“When one door closes, another opens; but we often look so long and so regretfully upon the closed door that we do not see the one which has opened for us,” is a bit of wisdom attributed to Alexander Graham Bell. “The Conviction of Lady Lorraine,” written and performed by Dwandra Nickole Lampkin, is evidence of what wonderful things can happen when a driven, curious and inventive artist, amid a dream project, gets told no.
Currently in production at Farmers Alley Theatre in Kalamazoo as part of its Spotlight Series, directed by Lofty Durham, Lampkin’s 70-minute one-woman show tells the story of an actress who becomes obsessed with the decades-long one-woman protester at the site of Martin Luther King, Jr.’s murder in Memphis. The former Lorraine Motel employee and tenant rejected the entanglement of MLK’s legacy with his death rather than his practices and principles in the National Civil Rights Museum as well as the gentrification of the neighborhood.
Dee Dee, the character Lampkin plays, admires the woman for her unwavering conviction and steadfastness, sees her as “a living, breathing monument,” and felt “touched by something higher” by the encounter with her.
The narrative is framed by Dee Dee’s mission: to get Lady Lorraine’s permission to tell her story. And Dee Dee’s internal monologue becomes externalized for the audience as she remembers and recreates the scenes of her coming of age as an artist and a black woman in America.
Dee Dee’s journey looks a lot like Lampkin’s. Now an Associate Professor of Acting at Western Michigan University, Lampkin first encountered the real-life one-woman protester — who is never named in the play — in Memphis in 2009, and three months later began researching and writing what would become “The Conviction of Lady Lorraine,” despite not receiving the main character’s permission to tell her story. In the process, both Lampkin (and therefore Dee Dee) came to the realization that it was actually her own story she needed permission to tell.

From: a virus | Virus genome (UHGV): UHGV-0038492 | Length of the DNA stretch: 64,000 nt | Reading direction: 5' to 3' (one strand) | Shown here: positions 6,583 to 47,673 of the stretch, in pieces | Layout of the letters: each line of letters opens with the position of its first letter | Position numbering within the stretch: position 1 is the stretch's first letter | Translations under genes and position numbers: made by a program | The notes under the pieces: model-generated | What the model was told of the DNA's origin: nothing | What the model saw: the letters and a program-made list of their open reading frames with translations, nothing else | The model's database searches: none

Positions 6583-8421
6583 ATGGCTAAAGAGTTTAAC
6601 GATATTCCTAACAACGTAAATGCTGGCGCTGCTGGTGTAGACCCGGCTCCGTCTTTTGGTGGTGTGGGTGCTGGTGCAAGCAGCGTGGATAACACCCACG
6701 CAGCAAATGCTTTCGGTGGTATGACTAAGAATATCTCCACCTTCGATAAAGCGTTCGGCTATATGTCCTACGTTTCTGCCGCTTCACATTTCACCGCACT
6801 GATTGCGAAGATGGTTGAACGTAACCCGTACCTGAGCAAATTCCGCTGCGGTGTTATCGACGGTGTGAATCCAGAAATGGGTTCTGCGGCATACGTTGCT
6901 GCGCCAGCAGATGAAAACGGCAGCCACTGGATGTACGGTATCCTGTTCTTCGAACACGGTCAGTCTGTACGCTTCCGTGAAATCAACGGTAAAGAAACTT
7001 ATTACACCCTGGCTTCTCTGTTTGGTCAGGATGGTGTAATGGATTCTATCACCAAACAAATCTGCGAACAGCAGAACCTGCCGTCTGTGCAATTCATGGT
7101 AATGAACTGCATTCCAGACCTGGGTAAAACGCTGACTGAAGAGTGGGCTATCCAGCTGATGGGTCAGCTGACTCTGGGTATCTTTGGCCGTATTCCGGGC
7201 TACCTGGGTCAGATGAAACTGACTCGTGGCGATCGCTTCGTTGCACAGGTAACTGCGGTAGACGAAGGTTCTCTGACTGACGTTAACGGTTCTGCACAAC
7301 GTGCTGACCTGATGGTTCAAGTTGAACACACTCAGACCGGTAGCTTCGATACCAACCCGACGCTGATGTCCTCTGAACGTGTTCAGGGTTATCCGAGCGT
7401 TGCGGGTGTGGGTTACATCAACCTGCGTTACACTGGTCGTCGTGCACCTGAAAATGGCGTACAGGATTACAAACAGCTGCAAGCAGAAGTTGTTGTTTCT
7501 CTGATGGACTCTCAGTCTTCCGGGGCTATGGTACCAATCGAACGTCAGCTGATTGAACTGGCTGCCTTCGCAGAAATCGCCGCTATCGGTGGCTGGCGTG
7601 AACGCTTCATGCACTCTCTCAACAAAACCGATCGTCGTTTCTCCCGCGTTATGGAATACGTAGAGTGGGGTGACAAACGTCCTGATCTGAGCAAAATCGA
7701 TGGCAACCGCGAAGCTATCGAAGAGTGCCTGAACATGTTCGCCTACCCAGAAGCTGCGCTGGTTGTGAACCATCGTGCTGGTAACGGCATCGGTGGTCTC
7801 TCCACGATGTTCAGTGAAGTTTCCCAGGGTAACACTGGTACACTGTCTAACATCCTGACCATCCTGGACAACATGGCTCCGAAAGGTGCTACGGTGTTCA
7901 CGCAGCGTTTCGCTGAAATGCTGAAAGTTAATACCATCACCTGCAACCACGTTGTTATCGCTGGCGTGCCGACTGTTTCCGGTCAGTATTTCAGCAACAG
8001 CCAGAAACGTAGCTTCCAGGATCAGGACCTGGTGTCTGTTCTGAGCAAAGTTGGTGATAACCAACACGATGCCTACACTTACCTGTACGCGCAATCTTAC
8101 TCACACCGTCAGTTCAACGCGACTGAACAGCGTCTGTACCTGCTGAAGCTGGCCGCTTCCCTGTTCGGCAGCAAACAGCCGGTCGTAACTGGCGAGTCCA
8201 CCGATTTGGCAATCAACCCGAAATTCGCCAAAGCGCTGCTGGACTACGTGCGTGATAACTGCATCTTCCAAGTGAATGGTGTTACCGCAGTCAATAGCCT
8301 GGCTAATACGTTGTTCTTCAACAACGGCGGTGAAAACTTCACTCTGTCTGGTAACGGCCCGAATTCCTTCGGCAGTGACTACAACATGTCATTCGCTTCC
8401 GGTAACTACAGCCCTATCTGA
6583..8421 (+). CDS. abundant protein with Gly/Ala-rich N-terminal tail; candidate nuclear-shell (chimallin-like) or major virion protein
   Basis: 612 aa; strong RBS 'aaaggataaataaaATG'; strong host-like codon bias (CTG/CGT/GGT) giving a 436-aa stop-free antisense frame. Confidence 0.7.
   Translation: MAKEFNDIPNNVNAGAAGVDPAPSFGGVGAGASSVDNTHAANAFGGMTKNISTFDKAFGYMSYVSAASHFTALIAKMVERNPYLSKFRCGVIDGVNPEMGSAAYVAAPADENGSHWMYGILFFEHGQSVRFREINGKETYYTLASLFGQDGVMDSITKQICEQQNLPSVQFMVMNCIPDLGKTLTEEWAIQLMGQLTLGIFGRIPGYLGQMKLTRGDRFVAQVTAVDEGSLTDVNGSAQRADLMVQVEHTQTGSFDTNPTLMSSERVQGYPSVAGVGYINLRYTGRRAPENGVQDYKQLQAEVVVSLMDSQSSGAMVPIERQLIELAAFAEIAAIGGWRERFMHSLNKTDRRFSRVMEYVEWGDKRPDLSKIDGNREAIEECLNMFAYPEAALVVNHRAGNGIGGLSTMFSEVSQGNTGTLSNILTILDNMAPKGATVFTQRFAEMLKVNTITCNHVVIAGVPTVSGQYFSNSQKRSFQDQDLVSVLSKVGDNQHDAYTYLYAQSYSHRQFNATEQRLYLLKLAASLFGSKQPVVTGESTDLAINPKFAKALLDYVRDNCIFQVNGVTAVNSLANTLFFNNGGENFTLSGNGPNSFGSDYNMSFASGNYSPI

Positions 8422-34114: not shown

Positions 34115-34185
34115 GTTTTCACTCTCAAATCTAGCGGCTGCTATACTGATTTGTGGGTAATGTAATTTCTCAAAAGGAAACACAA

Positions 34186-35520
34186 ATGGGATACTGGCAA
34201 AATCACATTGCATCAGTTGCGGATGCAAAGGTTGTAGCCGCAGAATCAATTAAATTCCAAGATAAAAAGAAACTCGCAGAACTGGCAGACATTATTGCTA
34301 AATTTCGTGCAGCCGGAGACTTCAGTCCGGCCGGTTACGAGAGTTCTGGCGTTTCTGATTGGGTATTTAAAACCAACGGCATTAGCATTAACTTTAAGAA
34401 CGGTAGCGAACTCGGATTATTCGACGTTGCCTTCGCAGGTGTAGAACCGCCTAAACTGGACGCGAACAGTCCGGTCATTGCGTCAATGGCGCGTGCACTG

It’s an impassioned, funny and touching story, and Lampkin is a performer who seems to effortlessly capture an audience’s attention from the first moment she enters the space until the moment she takes a bow. Her presence is warm and her talent and empathy great — she fluidly shifts from small child to old woman to middle-aged man and between various ethnic and regional accents seamlessly. She joyfully pokes fun at herself and others while also making important larger critiques of racial injustices in and out of the theater. “Who tells the story really does matter,” she proclaims righteously, in a powerful argument about the problems inherent in “colorblind casting.”
Lampkin clearly creates the multidimensional and utterly convincing story she set out to tell, though it isn’t the one she originally wanted. With very little technical assistance — some carefully chosen light shifts to delineate scene changes, as well as useful and often funny sound cues — she embodies a character so convicted and a story so richly inventive, there’s no doubt it’s one she was born to tell. Thankfully, she not only saw the door that opened, but she walked right through, and having done so, inspires others to do the same.
The Conviction of Lady Lorraine
Farmers Alley Theatre